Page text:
Studies conducted in the 70’s showed that weightlifters were second only to gymnasts in flexibility.
As for real world examples, John Grimek in the 1940’s did back flips and splits, Flex Wheeler could do the splits, and Tom Platz went far beyond his toes when bending over with stiff legs and did full squats in spite of his enormous thighs.
Shugart: Okay, before we dig deeper here, let’s get some definitions out of the way. John Paul, since you recently published an article on this, will you briefly lay the basic stretching vocab on us?
Catanzaro: Okay, to review, there are two general types of stretching: static (no motion) and dynamic (with motion). Static stretching basically consists of stretching a muscle as far as possible and then holding that position.
Passive stretching involves the use of some external force (body part, partner assistance or apparatus) to bring the joint through its range of motion or ROM. Loaded stretching (or weight training if you will) is a form of passive stretching.
Ballistic stretching uses momentum rather than muscular control to increase ROM, whereas dynamic stretching involves controlled movements – no bouncing or jerking.
Now, research shows that the most effective way to liberate ROM is by using Proprioceptive Neuromuscular Facilitation (PNF) stretching, particularly the contract-relax, antagonist-contract (CRAC) method. This method basically involves intermittent contractions (of six to eight seconds) while stretching.
Shugart: Thanks! Now, I don’t think most men paid attention to stretching until someone said it could make them more muscular. Can stretching really make a person bigger and stronger, or is that just a way to sex up a stretching article?
DeFranco: As far as strength is concerned, my views on stretching vary depending on the situation. There isn’t one answer to this question.
Let’s take the box squat or a powerlifting-style squat as an example. When “sitting back” into your squat, flexible hamstrings may actually have a weakening effect by not eliciting the stretch reflex. Now, I’m not saying you gotta have tight hamstrings to squat big, but how many world-class squatters (900 pounds plus) have world-class hamstring flexibility? In this case, I feel that being too flexible in certain muscles may be detrimental.
On the other hand, let’s examine an Olympic-style squat or power clean. Stretching and lengthening your hip flexor muscles on a daily basis can have a profound effect on your strength in these two lifts. If your hip flexors are tight they’ll alter your mechanics in these two lifts by pulling you forward. In this case, I feel you must stretch certain musculature if you ever want to reach your full strength potential.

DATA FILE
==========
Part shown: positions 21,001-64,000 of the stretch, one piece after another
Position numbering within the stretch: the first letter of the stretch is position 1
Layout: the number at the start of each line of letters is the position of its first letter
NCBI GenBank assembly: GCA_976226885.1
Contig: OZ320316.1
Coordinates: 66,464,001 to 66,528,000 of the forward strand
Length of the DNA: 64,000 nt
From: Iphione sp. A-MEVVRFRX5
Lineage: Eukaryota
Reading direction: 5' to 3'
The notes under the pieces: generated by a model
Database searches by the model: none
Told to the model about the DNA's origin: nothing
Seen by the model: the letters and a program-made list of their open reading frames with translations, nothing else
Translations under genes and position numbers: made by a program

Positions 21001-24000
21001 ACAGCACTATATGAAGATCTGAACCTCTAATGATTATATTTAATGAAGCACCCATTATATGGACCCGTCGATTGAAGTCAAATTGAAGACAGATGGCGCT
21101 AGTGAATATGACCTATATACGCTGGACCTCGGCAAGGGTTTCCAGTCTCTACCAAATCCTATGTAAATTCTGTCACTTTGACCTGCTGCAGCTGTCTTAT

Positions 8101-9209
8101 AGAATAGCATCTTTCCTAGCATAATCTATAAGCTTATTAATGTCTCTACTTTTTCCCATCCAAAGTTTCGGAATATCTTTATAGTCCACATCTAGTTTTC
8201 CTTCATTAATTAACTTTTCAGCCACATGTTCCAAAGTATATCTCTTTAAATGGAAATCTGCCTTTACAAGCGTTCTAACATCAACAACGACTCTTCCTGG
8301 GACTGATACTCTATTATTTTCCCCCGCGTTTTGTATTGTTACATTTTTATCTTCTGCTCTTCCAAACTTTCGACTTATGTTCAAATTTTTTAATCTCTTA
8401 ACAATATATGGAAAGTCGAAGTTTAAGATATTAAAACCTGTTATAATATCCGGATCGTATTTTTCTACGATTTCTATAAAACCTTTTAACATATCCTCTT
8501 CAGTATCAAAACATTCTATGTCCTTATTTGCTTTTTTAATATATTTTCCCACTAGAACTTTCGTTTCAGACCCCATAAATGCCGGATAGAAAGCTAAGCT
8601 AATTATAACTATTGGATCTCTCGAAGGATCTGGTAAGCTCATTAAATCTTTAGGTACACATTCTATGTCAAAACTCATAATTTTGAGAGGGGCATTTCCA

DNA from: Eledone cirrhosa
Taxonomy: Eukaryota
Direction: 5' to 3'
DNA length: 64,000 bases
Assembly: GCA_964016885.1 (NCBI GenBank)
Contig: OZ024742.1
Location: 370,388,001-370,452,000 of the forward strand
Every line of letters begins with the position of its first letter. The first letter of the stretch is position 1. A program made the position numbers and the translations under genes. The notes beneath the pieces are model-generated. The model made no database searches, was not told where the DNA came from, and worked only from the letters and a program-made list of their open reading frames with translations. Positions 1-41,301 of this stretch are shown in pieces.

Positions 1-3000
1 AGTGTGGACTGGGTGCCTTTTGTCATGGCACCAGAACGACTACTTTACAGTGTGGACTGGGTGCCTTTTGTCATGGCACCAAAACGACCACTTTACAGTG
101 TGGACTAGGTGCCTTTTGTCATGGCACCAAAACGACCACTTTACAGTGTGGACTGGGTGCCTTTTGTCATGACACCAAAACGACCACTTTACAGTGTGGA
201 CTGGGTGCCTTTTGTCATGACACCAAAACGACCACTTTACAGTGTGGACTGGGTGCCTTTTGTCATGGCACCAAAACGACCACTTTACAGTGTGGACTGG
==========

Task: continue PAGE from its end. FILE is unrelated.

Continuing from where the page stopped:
As you can see, stretching must be implemented at the right time, and with the right muscles, in order to have a positive effect on your strength.
Shugart: How about muscle size?
DeFranco: Stretching plays a positive role with regards to muscular growth. Now, I don’t think that stretching will turn Ryan Seacrest into Ronnie Coleman, but it can give you an edge. Using techniques that stretch the fascia of the muscle is the key to accelerating hypertrophy gains.
Shugart: Okay, Don, you’ve written articles about stretching for size gains. How does that work?
Alessi: There are several ways this occurs. For one, stretching increases joint range of motion, which increases the distance that a load is moved thereby increasing the work performed. Also, specific methods like PNF stretching increases isometric and dynamic strength, muscular endurance, and functional flexibility.
Additionally, specific stretching conditions the stretch reflexes that are involved in weight training, thus shutting off these protective mechanisms. This allows the trainee to train at a higher percentage of his rep maximum more often. That means a greater force traveling over a greater distance.
Finally, stretching of the parallel elastic components (PEC) immediately after resistance training increases muscle hypertrophy by stretching the limiting “sheaths” that encapsulate the muscle belly. In protective response to this unstable change, the stretched muscle sheets trigger an increase in protein splitting, muscle cell division, and collagen breakdown and repair. The result is hypertrophy or “thickening” for survival.
Catanzaro: Bigger muscles? Perhaps. But stronger? I say no way! In my stretching article for T-mag, I mentioned two methods of aggressive stretching advocated by John Parrillo and Torbjorn Akerfeldt where the object is to expand the fascial compartment thus allowing greater room for growth. The classic bird study you’ve probably heard about also proves that stretching may have some merit for muscle growth.
Now, as far as strength is concerned, that’s a whole ‘nother story! Sure, dynamic stretching may increase strength temporarily, but static stretching will definitely weaken muscle. The proposed theories of force decrement with stretching (which breaks down to roughly 60% neural and 40% muscular/contractile) include decreased motor neuron excitability, increased tendon slack, decreased stiffness, and altered actin-myosin position.
As the length of the muscle increases, stiffness decreases. As stiffness decreases, force decreases, which means.drum roll please.strength decreases!
Shugart: What are biggest myths out there about stretching?